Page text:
Successful Hawaii developer and well-known business leader Stanford Carr spoke out Wednesday against state worker pay cuts floated earlier this month by the administration of Gov. David Ige.
“We all need fiscal responsibility, however, I don’t think now is the time to have pay cuts. What we need is money supply circulating through our economy,” said Carr, the founder and president of Stanford Carr Development, which has built more than 20 projects on Oahu, Maui, and Hawaii Island with several others under construction on Maui and Oahu.
Carr appeared on a panel of business leaders interviewed during the special TV program “Coronavirus Pandemic: Hawaii’s Response” broadcast Wednesday on Hawaii News Now.
“Many families are going to be impacted by this (state government pay cuts) in that there will be some family members in the household who will be out of a job. So more importantly, those incomes are critical today,” Carr added.
“What the state needs to do as well as the counties is to look at what can they do without and make those sacrifices first. But foremost, keep the workforce working,” Carr said.
Former Honolulu Mayor Mufi Hannemann, who is now chief operating officer of the Hawaii Lodging and Tourism Association, also had cautious advice about government employee pay reductions.
“Many of them are deemed critical and essential positions. Educators, no one would argue the valuable role that they play,” Hannemann said. “So I think you have to exhaust every possible option. See exactly what the federal government can give you in that regard.”
Dr. Mark Mugiishi is president and CEO of HMSA, the state’s largest health insurance company.
Mugiishi said dealing with falling tax revenue is “a very difficult problem to solve. Running a business of my own, I know you’re trying to balance the revenues coming in with what you have to spend going out.”
“Obviously, it’s not ideal if you have to cut people’s pay. It hurts economic and consumer confidence and spending. It takes away investments into our future,” Mugiishi said.
“My hope is that the federal government will continue to support states and support industries until the point where we’re able to get back to our pre-COVID levels,” he added.
Facing an urgent financial crisis, cities and states nationwide are eyeing the possibility of pay cuts and reductions to their workforces, threatening critical public-sector employees and first responders at a time when many Americans may need their local governments’ help the most.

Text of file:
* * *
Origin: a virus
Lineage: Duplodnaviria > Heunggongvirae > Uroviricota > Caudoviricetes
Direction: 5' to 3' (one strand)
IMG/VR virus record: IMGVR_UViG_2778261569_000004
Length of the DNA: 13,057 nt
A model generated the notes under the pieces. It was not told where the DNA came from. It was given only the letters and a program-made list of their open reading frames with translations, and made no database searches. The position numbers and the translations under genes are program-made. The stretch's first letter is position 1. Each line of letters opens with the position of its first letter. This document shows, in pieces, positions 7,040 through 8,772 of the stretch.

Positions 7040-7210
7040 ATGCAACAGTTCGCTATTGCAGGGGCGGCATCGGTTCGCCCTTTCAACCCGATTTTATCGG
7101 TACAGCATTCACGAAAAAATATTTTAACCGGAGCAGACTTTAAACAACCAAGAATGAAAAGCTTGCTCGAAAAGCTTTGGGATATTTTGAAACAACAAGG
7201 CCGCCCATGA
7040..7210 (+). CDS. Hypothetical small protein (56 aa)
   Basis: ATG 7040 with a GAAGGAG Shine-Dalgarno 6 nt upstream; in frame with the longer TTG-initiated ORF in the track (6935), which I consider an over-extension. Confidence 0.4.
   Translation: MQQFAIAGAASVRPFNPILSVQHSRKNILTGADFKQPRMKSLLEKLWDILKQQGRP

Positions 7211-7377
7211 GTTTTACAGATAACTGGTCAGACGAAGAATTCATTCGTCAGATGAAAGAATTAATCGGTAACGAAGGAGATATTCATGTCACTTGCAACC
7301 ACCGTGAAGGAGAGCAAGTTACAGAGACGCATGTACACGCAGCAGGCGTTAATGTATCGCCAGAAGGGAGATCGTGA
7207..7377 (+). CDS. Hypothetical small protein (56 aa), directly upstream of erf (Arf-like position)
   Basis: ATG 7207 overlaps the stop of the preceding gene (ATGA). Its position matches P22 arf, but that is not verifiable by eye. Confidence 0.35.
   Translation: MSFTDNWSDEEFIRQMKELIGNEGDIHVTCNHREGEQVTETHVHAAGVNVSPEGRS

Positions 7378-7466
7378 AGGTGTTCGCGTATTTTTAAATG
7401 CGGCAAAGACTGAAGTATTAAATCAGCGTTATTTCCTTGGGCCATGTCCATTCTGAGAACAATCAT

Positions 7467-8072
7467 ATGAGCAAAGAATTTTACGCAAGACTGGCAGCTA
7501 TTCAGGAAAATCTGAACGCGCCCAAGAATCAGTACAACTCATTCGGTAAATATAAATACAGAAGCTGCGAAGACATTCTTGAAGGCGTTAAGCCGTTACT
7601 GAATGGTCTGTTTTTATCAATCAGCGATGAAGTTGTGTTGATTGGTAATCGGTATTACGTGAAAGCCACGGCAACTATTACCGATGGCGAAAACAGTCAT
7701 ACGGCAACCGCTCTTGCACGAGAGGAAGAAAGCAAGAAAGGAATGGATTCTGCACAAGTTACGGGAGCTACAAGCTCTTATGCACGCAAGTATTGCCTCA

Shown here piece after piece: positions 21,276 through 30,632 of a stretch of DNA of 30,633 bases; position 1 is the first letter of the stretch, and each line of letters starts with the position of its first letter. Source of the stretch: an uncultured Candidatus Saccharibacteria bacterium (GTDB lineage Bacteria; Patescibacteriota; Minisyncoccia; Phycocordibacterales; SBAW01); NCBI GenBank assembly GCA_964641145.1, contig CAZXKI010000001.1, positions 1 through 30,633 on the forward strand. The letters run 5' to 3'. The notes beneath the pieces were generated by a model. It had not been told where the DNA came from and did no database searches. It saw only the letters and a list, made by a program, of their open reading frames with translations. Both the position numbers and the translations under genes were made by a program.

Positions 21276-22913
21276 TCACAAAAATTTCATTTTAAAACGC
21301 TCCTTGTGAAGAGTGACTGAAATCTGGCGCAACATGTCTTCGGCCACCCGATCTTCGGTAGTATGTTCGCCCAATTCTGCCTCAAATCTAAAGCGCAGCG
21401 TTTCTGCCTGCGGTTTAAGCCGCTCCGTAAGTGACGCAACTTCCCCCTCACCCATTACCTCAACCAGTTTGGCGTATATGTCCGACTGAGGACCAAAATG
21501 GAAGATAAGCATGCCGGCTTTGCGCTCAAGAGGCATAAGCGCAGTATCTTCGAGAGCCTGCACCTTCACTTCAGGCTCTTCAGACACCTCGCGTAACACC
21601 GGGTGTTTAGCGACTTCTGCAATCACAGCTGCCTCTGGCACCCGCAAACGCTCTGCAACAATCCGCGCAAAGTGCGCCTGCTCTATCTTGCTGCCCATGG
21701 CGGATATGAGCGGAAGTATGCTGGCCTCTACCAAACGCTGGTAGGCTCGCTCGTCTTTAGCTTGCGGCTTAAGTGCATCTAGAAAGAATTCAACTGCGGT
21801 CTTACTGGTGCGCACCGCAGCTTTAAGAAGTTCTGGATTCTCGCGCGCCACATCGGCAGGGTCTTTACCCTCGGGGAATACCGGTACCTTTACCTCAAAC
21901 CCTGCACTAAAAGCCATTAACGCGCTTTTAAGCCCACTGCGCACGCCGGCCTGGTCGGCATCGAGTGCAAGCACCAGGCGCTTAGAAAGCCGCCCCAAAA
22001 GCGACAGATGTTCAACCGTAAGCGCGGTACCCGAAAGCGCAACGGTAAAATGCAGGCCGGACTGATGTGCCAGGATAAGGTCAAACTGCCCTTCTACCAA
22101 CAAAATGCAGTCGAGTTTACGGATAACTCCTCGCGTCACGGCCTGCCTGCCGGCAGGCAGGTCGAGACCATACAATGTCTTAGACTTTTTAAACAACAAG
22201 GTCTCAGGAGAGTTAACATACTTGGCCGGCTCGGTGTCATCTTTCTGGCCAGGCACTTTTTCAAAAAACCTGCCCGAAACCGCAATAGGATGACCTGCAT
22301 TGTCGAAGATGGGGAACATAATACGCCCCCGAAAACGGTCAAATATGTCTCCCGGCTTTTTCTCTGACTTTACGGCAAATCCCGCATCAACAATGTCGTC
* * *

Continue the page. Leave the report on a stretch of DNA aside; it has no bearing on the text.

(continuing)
Even as President Donald Trump and top Republicans contend that only big-spending, liberal-leaning states are to blame for mounting budget woes, a Washington Post review found the economic havoc wrought by the novel coronavirus is far more widespread — saddling Democratic and Republican mayors and governors alike with souring finances and major revenue gaps.
For governors, mayors and other top local officials, their economic troubles stem from the precipitous drops in revenue that have come as a result of closed businesses and sharp decreases in shopping and travel. The extent of the disruptions is poised to reach a level not seen since the Great Recession more than a decade ago, a reality that has prompted many city and state leaders to plead with Washington for help.
The recalcitrance by some Republicans on Capitol Hill and at the White House who are skeptical of giving states and counties aid has sparked a lobbying blitz on the part of local governments, which have had no choice but to make painful cuts as they await action in Washington.
For many cities and states, their public push for federal aid reflects the urgency of their need: Many have argued that Washington’s intransigence threatens to exacerbate the pandemic, which has killed more than 60,000 Americans nationwide. That’s because tax revenue typically helps fund first responders, and there’s only so much governments can do amid the downturn to shield public safety from withering cuts.
Many mayors and governors have argued that they are economic engines in their own right, employing more than 19 million municipal employees, or about one-tenth of the country’s workforce, according to federal data from March. Local leaders say they are just as deserving of federal support as major businesses, which have captured the lion’s share of coronavirus aid dollars authorized by Congress in March and April.